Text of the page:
#development #laravel #php #terminal

Laravel offers this neat feature to show a progress bar when running a command on the console. The progress bar in Laravel is based on the Symfony Progress Bar Component. Laravel itself is currently not using this feature in the framework. You probably have seen such a progress bar when using npm or yarn.

1$ npm install
2(█████████░░░░░░░░░) preinstall:secrets: info lifecycle @~preinstall: @
3$ yarn
4yarn install v1.17.3
5info No lockfile found.
6[1/4] Resolving packages...
7[2/4] Fetching packages... [#########################################################------] 771/923

In the next part, we will be building a simple CSV importer for users. This small tool will display the numbers of users we have imported and show us the current progress. Eventually, we will end up with output like this:

1$ php artisan secrets:import-users users.csv
2 4/4 [▓▓▓▓▓▓▓▓▓▓▓▓▓▓▓▓▓▓▓▓▓▓▓▓▓▓▓▓] 100%

Below you can find the code of the command-line tool.

 1class ImportUsers extends Command
 3    protected $signature = 'secrets:import-users
 4                            {file : A CSV with the list of users}';
 6    protected $description = 'Import users from a CSV file.';
 8        public function handle()
 9    {
10        $lines = $this->parseCsvFile($this->argument('file'));
12        $progressBar = $this->output->createProgressBar($lines->count());
13        $progressBar->start();
15        $lines->each(function ($line) use ($progressBar) {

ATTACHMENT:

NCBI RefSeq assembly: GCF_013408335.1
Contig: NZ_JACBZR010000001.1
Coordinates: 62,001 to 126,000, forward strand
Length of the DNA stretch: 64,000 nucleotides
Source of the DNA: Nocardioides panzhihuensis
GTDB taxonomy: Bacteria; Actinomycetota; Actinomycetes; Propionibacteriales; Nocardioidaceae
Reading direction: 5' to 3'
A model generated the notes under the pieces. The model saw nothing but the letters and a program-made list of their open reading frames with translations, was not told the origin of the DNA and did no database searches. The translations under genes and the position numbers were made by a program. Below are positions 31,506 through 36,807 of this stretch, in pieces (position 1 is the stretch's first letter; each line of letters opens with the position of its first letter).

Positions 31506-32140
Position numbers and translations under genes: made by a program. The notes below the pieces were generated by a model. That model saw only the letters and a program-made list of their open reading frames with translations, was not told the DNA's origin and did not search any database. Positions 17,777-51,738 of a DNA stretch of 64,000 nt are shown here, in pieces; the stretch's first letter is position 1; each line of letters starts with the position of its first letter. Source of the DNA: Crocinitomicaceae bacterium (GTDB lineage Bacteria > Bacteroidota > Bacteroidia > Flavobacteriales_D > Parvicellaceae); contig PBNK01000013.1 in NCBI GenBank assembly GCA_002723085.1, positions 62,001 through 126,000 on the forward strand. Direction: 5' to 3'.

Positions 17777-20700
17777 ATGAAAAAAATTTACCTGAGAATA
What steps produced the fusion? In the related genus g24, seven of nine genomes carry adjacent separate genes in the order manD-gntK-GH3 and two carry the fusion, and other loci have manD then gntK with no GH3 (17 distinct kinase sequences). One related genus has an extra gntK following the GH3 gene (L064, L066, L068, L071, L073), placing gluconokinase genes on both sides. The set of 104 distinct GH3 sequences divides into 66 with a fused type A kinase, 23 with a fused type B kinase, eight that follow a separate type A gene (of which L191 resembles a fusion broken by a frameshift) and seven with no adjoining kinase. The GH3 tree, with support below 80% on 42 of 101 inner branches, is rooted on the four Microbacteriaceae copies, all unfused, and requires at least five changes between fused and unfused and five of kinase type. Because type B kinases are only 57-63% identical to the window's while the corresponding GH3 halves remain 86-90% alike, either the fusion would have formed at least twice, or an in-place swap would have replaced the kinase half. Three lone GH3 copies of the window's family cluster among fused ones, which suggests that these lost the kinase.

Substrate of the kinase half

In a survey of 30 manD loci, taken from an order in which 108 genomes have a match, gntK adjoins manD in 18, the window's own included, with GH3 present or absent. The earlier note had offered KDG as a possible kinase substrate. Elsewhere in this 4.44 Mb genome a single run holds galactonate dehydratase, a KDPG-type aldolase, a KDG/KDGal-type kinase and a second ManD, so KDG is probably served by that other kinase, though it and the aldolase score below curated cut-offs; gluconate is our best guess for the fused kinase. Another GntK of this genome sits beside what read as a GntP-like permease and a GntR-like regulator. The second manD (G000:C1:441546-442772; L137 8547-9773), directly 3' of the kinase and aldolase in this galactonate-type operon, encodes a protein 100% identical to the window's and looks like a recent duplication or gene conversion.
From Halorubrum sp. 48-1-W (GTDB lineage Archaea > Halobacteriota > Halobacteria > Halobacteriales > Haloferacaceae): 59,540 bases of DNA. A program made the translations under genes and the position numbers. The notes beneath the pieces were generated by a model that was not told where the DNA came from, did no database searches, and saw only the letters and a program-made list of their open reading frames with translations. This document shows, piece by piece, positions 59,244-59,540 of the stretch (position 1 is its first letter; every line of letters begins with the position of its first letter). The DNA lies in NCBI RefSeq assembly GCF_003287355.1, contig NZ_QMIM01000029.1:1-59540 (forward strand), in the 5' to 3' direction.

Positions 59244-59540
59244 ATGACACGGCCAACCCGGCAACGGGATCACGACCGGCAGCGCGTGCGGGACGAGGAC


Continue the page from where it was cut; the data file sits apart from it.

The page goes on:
16            $this->convertLineToUser($line);
17            $progressBar->advance();
18        });
20        $progressBar->finish();
21    }
23    // class specific methods

If we dive into the code behind the user importer, we can see a few important things here. First, we have a parseCsvFile method, which transforms the CSV file into a collection. This way, we can easily loop over the results but also get the current count. We could have used a simple array here as well. However, the collection gives us different methods, which makes it more readable.

Next, we create a new progress bar in the output of our command. This means that we create a new ProgressBar instance and pass the number of items we expect to process. Then we need to start the progress bar itself. It will set the current time on the progress bar, and it will set the steps to 0 as well.

After that, we can start looping over your data and perform your actions. In this case, convertLineToUser is converting a line's data to a new user in the database. The final step in our loop is to advance the progress bar. Whenever we call $progressBar->advance(), we will increase the progress bar's steps and output the current state.

Finally, we call finish on the progress bar to make sure it shows that we are 100% there and close the progress bar.

Override Output